One in four industry-funded studies examining the potential harm from pesticides on the developing brain were not shared with EU authorities by the manufacturers. This finding raises concern about the reliability of EU safety evaluations of pesticides and undermines trust in the system designed to protect European consumers.
Several cases with potential consequences for regulatory action
In seven of the nine cases, the DNT studies, when made available to the regulatory authority, have already had or may potentially have future regulatory consequences such as lowering of the toxicological reference values, changes in hazard classification, or even contribute to decisions to remove products from the market.
“We do not know how the producers have reasoned in these cases, but we do know that if a pesticide is known to damage brain development, it may not be allowed on the EU market,” says Axel Mie.
In the European Union, pesticide producers are responsible for performing tests that enables a safety assessment of their products. The law requires that test results be submitted to EU authorities when seeking market approval.
Non-disclosure of studies is a recurring phenomenon
The new study highlights significant issues. Firstly, non-disclosure of studies seems to be a recurring phenomenon despite clear legal requirements to submit all relevant information. Secondly, the non-disclosure could introduce a bias into regulatory risk assessments, that in the worst case can lead to unsafe products being allowed on the market, thereby putting human health at an unacceptable risk.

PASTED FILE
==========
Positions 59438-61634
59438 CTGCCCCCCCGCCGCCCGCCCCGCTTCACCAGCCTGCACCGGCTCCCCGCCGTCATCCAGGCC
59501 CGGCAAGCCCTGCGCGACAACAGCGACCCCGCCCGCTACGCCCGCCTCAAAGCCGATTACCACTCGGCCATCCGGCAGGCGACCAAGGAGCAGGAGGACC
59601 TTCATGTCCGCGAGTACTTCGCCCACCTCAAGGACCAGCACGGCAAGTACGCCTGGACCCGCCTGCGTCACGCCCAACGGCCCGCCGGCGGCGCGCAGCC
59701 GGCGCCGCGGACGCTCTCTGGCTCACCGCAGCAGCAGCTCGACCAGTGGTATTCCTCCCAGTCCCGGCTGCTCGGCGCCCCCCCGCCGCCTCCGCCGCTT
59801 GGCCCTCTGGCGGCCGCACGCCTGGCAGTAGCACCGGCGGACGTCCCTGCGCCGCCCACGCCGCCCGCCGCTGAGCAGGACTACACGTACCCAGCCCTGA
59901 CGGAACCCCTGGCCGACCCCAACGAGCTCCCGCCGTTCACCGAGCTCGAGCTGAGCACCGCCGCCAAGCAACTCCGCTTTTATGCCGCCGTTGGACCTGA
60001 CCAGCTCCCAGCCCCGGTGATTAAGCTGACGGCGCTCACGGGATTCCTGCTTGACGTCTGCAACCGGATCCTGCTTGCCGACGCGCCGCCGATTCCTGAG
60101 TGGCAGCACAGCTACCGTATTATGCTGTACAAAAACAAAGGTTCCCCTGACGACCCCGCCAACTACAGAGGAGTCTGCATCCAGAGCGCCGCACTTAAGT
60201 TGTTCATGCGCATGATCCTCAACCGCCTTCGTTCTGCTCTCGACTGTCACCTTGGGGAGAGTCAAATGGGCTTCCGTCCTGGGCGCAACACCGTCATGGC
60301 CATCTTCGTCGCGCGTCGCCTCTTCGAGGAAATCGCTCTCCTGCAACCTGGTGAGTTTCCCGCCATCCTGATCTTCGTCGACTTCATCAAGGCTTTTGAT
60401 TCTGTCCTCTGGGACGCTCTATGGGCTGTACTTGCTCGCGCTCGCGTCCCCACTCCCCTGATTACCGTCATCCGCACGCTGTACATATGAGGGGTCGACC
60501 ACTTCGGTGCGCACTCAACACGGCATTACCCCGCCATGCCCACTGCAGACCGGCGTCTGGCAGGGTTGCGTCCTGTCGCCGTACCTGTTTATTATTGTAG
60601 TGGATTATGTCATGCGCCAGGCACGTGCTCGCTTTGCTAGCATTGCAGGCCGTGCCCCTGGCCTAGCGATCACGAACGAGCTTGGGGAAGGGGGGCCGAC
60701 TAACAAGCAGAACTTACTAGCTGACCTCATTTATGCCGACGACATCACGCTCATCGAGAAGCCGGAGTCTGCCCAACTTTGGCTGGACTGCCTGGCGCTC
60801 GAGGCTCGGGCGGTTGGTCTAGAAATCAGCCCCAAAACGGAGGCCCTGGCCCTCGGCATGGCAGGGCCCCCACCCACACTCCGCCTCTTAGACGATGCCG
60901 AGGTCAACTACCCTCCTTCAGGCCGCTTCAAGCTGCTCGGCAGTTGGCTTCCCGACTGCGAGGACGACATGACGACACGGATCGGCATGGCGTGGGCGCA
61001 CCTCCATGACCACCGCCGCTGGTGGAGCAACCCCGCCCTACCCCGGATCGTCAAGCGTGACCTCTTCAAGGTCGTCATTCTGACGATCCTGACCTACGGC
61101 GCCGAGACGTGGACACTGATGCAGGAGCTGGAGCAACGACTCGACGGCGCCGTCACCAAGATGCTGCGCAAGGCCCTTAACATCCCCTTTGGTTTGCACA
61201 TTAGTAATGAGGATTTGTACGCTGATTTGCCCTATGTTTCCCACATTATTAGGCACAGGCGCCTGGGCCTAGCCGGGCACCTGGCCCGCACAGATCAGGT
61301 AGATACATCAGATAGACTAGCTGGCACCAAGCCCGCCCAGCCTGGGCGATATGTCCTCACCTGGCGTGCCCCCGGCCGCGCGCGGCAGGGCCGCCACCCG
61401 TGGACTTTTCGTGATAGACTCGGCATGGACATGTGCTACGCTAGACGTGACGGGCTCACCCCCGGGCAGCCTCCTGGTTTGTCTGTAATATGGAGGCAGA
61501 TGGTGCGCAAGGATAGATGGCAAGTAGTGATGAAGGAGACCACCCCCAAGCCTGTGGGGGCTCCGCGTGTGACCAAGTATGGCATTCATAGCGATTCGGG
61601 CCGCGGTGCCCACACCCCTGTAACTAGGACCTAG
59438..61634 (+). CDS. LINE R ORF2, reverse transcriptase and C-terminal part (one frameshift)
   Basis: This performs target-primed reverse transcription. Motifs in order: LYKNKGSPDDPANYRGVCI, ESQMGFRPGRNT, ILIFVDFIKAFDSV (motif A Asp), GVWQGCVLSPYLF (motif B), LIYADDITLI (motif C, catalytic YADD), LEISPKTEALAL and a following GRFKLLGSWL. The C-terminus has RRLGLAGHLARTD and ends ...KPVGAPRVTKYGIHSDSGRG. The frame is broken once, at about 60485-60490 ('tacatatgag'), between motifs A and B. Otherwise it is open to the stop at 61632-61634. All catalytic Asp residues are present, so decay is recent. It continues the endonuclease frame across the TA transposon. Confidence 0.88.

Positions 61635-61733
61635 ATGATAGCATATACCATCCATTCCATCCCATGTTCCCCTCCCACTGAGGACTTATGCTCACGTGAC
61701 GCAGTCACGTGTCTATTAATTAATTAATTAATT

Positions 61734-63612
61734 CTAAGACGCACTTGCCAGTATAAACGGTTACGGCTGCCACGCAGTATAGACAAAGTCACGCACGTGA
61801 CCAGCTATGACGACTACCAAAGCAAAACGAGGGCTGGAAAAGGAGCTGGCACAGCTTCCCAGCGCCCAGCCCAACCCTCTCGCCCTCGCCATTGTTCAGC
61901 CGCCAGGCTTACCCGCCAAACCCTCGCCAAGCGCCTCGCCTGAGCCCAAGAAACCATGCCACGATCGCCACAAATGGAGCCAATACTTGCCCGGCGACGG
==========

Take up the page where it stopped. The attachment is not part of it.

“When we, as consumers and EU citizens, decide to allow products on our market, that decision is based on the condition that the producers follow the law, and not intentionally jeopardize our safety,” says Christina Rudén.
Need to revise the regulatory system
To improve this situation, the regulatory system needs to be revised so that all previously performed studies are made available to the authorities. Future studies should be commissioned by regulatory bodies rather than companies. This would ensure that authorities have complete knowledge of all performed studies and prevent the influence of economic interests on the process. Additionally, the law should be revised to impose significant legal consequences on pesticide companies for non-disclosure of toxicity studies.
“In situations where companies decide themselves which studies they submit to authorities and which ones they withhold, the authorities’ conclusions are not reliable,” concludes Axel Mie.